"Yes, the odds that the next call will be an ambulance call are greater, but we aren't staffing for what we think it will be, we're staffing for overall call volume," he said. "We tried to find a middle ground that was reasonable for folks that pay for ambulance and those that pay for fire."

At the moment, it seems both sides are happy with the report: CAFD because it now has an evidence-based system to determine costs and, ultimately, the tax levy; and Thomson Township officials, because the report estimated the ambulance costs should rise at a much lower rate than the CAFD board proposed last fall.

But it's an uneasy truce. Thomson Township supervisor Jason Paulson, a member of the CAFD board, told the Pine Knot News that the vote was well-received in Thomson, but noted that the board voted to help pay for a study for Carlton ambulance, which provides services to a smaller portion of Thomson Township.

Thomson Township attorney Dave Pritchett is also convinced that CAFD should not be able to tax the townships that lie outside the fire district boundaries, that it's "taxation without representation."

Buhs didn't want to weigh in on what he considered a legal or legislative question, but said CAFD is not interested in shrinking its ambulance primary service area boundaries. They are trying to work and communicate better with Thomson Township and other areas they serve, he said.

"I think we're trending in a good way," Paulson said.

Big picture

While the tension simmers between Thomson Township and CAFD, ambulance services across the state and country are facing greater challenges.

Buhs said nationally that ambulance calls are on the rise, which means they need more staff, but revenues - the reimbursements paid by insurance companies and especially Medicare - are not keeping up with costs, leaving taxpayers making up the difference for calls, as well as paying for the costs of keeping a well-qualified ambulance service ready.

"It's a vicious cycle," Buhs said. "And unfortunately, ambulance service is not considered an essential service, so it's not funded by state or federal dollars."

State legislators proffered several bills in the most recent session aimed at supplementing ambulance costs, but none of them were adopted, said Dylan Ferguson, executive director of the state's Emergency Medical Services Regulatory Board, which issues certification to EMT and paramedic professionals and issues licenses to EMS agencies to operate.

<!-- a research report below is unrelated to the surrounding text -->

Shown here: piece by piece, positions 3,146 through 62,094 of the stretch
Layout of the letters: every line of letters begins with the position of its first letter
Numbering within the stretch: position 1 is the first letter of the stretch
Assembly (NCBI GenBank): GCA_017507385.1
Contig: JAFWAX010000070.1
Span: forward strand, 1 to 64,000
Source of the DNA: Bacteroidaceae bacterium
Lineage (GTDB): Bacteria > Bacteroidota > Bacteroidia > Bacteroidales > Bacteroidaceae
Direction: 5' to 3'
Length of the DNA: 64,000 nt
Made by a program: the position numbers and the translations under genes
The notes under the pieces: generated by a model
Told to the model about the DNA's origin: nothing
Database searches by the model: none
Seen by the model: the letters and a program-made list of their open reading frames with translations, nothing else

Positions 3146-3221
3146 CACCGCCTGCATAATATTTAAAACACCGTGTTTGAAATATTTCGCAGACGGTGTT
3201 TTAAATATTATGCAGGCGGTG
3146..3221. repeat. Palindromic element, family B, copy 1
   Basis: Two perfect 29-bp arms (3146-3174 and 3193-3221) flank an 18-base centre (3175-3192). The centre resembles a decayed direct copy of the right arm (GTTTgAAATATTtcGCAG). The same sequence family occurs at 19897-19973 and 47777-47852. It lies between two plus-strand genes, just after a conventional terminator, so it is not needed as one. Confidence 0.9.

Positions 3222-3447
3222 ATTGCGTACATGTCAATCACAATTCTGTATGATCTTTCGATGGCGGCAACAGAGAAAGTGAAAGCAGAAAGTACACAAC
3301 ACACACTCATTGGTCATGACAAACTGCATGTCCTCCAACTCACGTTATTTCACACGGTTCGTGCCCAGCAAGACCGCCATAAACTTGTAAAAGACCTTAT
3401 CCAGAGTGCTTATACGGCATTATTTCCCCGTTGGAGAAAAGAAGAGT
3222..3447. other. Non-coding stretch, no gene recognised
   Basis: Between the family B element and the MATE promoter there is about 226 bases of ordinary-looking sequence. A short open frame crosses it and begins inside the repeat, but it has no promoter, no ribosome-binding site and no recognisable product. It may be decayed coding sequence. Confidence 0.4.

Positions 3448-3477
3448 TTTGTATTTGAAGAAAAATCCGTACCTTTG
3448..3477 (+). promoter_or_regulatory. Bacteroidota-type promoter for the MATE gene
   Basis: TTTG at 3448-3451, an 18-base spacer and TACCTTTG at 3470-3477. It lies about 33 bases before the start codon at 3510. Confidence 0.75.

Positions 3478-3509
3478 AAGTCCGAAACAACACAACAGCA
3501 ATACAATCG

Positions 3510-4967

The EMSRB also determines the primary service areas across the state of Minnesota.

"The PSA system ensures every single area of Minnesota will receive an ambulance when someone calls 911," Ferguson said.

Buhs worries what will happen if these issues aren't addressed. The federal government is studying reimbursement rates, but not fast enough, he said. And it may lead to rising costs here - and many other places.

"We're in a situation right now where we have inflation, rising fuel costs, rising costs for equipment, training and more," the CAFD chief said. "Everything is rising so rapidly, the only thing that can occur is either service decline or taxpayers have to subsidize the cost of service."

The state director, Ferguson, agreed that EMS services across the state are stressed, for all of the reasons outlined by Buhs. But EMS leaders are working hard to continue to provide the same high-quality service, he said.

"It's important that elected officials at all levels work together to sustain the EMS system for years to come," Ferguson said. "Only by working collaboratively - local and local, local and state - can we address the challenges moving forward.

"It's important that local communities work with one another to ensure everyone gets an ambulance when they call 911."